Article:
Materials and Methods
The fusion between monomeric streptavidin and CBM3a was cloned into the pET28 expression vector. The resulting construct was transformed into E. coli strain BL21 DE3 and expression of the recombinant protein was induced using IPTG. For Orthos, the histidine tag present on pET28 is not be fused to the CBM3a domain since an amber Stop codon is present between them (Figure 1). The protein was therefore not purified on the IMAC column but purified on Regenerated Amorphous Cellulose (RAC) and used in cellulose pull down assays. For the experimental details, see our experiments page.
Results and Discussion
Purification of Orthos
Figure 2 presents the results of the purification of Orthos on RAC. The supernatant (S) contained all proteins produced in E. coli, and washes W1 and W2 allowed the elimination of most non-specific interactions with cellulose. The elution step, using ethylene glycol, released the Orthos protein from RAC. The band at about 40 kDa corresponds to Orthos (expected size: 39 kDa) and the band at 15 kDa likely corresponds to a proteolysis fragment of Orthos containing only the CBM3a module.
We estimated that the purification levels of the monomeric Orthos was about 45%, which is sufficient for our validation assays.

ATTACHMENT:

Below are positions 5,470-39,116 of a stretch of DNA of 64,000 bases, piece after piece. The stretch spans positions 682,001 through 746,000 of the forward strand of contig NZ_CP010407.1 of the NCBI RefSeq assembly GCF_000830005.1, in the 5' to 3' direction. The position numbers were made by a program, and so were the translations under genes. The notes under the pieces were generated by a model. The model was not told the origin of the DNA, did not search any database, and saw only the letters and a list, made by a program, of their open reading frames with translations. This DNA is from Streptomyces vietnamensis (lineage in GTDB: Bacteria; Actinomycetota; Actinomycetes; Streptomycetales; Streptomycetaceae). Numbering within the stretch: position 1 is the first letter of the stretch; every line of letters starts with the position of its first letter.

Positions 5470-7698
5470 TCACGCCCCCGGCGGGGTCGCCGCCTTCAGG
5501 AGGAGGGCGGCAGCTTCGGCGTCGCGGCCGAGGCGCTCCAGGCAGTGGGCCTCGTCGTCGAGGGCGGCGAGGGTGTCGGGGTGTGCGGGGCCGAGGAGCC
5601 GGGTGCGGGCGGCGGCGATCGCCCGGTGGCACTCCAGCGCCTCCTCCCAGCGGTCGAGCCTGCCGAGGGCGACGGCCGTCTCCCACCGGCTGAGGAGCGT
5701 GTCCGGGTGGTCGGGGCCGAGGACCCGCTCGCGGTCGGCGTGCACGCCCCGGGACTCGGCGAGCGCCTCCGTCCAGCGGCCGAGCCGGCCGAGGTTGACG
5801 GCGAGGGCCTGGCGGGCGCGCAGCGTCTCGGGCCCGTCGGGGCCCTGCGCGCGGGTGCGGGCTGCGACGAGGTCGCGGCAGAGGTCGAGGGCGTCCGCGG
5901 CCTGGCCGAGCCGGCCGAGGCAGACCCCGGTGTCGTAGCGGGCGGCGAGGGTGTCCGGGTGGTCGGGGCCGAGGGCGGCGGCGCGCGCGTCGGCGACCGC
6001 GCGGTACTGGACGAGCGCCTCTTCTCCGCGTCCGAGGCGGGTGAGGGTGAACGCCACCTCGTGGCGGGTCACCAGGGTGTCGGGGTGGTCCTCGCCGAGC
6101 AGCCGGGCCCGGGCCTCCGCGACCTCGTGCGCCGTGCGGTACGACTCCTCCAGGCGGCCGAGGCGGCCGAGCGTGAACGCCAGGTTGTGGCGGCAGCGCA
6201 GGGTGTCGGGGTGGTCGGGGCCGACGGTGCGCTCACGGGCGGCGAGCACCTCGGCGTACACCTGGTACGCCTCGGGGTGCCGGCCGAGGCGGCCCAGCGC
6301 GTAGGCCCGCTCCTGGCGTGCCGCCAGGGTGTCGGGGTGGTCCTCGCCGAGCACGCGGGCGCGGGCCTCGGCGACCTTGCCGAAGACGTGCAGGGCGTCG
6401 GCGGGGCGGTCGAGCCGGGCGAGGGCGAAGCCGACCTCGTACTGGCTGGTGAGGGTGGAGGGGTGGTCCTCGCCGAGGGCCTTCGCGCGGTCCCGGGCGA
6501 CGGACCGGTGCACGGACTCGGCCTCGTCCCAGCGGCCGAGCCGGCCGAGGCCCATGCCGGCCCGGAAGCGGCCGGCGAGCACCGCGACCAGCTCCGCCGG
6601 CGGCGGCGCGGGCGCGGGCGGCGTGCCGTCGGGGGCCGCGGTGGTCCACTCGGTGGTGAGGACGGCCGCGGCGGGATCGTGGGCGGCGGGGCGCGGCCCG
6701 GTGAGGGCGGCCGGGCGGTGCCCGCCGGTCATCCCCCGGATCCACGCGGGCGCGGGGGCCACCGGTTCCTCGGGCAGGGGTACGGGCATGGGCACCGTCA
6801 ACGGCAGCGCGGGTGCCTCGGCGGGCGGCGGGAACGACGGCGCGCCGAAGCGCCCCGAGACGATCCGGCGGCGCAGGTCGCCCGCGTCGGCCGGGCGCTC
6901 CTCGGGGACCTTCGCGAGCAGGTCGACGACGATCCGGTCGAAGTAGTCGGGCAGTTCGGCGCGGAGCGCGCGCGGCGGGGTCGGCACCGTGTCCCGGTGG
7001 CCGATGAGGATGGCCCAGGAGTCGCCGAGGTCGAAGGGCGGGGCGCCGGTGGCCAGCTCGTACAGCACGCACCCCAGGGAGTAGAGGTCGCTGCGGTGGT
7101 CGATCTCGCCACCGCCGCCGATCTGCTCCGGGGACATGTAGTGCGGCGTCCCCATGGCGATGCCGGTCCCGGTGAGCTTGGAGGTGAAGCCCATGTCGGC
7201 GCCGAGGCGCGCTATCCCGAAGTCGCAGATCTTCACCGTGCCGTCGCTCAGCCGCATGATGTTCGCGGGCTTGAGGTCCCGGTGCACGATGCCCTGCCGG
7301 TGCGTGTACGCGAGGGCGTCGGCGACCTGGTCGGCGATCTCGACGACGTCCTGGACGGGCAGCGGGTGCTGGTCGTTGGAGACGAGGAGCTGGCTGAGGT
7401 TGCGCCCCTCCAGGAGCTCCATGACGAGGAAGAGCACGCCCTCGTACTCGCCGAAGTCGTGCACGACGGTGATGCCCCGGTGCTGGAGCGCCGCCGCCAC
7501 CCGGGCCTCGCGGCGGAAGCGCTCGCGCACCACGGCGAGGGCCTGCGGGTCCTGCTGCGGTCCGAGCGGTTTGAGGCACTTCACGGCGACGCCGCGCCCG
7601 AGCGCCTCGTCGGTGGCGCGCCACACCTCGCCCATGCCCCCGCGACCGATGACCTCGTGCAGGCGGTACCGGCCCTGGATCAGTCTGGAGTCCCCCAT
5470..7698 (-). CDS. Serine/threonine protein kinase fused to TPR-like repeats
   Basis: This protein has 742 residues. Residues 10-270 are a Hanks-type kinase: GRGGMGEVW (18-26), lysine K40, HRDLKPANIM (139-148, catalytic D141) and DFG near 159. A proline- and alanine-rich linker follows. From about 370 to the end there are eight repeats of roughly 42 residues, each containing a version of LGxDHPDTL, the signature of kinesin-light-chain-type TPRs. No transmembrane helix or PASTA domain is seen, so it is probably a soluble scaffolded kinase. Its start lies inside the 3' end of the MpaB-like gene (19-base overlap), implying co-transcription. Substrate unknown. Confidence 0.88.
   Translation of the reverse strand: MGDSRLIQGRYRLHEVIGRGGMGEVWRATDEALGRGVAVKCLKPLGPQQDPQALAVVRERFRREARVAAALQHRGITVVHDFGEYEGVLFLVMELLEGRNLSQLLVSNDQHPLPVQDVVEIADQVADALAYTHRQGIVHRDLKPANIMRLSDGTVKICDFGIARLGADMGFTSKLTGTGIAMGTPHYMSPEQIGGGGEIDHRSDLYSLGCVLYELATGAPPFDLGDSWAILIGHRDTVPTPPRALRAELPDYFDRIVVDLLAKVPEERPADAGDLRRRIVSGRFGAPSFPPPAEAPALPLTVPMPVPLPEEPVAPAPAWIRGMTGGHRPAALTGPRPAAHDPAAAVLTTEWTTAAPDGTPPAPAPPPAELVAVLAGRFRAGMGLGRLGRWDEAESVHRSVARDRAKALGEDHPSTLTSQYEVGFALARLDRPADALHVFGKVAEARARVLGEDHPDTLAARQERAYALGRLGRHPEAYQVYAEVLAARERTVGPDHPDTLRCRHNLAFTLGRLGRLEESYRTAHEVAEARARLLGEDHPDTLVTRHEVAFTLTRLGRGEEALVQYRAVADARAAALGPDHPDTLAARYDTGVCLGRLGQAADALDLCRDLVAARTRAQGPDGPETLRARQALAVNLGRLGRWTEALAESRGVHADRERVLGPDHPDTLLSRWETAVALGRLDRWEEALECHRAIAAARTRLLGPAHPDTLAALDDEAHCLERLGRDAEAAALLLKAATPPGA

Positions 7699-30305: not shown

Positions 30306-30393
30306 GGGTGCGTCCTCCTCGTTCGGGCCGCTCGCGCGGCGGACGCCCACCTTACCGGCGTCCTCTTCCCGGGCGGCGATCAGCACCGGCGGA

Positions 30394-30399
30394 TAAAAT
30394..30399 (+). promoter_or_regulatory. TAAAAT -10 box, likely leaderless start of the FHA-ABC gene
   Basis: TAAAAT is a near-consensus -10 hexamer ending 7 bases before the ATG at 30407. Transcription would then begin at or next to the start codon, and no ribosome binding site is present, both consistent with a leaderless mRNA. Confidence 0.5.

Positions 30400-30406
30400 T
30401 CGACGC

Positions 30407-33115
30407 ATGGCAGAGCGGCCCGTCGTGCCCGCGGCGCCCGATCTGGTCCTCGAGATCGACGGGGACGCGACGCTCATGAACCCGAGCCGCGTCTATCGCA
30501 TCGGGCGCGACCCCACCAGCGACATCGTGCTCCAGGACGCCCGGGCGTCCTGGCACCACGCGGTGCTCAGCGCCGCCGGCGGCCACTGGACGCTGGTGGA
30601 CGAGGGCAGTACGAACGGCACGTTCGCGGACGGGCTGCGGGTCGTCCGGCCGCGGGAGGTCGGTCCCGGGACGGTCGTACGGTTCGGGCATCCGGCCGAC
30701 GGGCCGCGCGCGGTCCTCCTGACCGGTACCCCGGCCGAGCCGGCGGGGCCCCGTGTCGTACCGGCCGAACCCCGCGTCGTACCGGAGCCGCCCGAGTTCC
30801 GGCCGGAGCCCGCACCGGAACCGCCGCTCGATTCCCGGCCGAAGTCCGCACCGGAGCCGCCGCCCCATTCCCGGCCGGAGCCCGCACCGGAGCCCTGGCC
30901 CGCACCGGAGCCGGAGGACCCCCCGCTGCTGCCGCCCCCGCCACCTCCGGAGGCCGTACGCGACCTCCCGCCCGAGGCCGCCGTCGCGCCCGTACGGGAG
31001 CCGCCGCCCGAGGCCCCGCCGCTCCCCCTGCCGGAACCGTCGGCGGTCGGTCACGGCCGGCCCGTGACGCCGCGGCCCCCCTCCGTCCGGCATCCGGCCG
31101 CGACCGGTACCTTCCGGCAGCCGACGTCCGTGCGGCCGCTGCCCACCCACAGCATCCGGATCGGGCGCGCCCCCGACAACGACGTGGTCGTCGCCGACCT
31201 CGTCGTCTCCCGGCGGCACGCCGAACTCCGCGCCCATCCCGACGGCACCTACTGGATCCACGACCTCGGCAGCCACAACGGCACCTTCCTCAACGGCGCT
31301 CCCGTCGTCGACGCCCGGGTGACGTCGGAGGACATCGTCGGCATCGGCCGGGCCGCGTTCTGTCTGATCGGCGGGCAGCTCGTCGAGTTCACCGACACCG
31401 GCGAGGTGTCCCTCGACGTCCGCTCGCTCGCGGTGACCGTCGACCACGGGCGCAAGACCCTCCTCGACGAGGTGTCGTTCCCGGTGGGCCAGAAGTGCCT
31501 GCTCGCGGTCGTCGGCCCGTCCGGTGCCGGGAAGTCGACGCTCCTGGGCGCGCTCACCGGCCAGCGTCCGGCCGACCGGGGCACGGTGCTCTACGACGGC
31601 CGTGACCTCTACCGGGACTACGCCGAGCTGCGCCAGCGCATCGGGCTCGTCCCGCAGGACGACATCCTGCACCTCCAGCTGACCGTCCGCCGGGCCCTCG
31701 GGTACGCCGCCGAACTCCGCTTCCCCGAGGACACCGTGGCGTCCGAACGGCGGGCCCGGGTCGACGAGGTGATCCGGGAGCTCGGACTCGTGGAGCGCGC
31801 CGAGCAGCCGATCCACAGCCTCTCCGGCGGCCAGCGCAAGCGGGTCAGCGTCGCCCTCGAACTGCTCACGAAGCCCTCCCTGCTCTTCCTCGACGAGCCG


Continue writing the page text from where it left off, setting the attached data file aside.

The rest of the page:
Validation of monomeric Orthos
Validation using in vivo biotinylation
In a first set of experiments, we assessed the ability of Orthos to functionalise cellulose with a compound biotinylated in vivo. For that purpose, we took advantage of a novel system for in vivo protein biotinylation using the biotin ligase BirA. We thus co-expressed BirA and a version of the Blue Fluorescent Protein (BFP) fused to an Avitag in E. coli. The Avitag sequence is recognized by BirA for biotin ligation. We added biotin to the culture medium during IPTG induction, in order to produce and purify biotinylated BFP.
We then incubated 3.2 μM of Orthos with 32 μM of in vivo biotinylated BFP (Figure 3). For the control experiment BFP (without Orthos), the same quantity of BFP was added to permit a relevant comparison. These samples were then incubated with cellulose. After three washes with Tris-HCl buffer, fluorescence was measured in the cellulose pellets. As shown in Figure 3, fluorescence is twice as intense in Orthos sample than in the control sample containing BFP alone. These experiments have been performed in quadruplicate and a Mann Whitney statistical test indicated that the increased fluorescence signal obtained with Orthos is significant.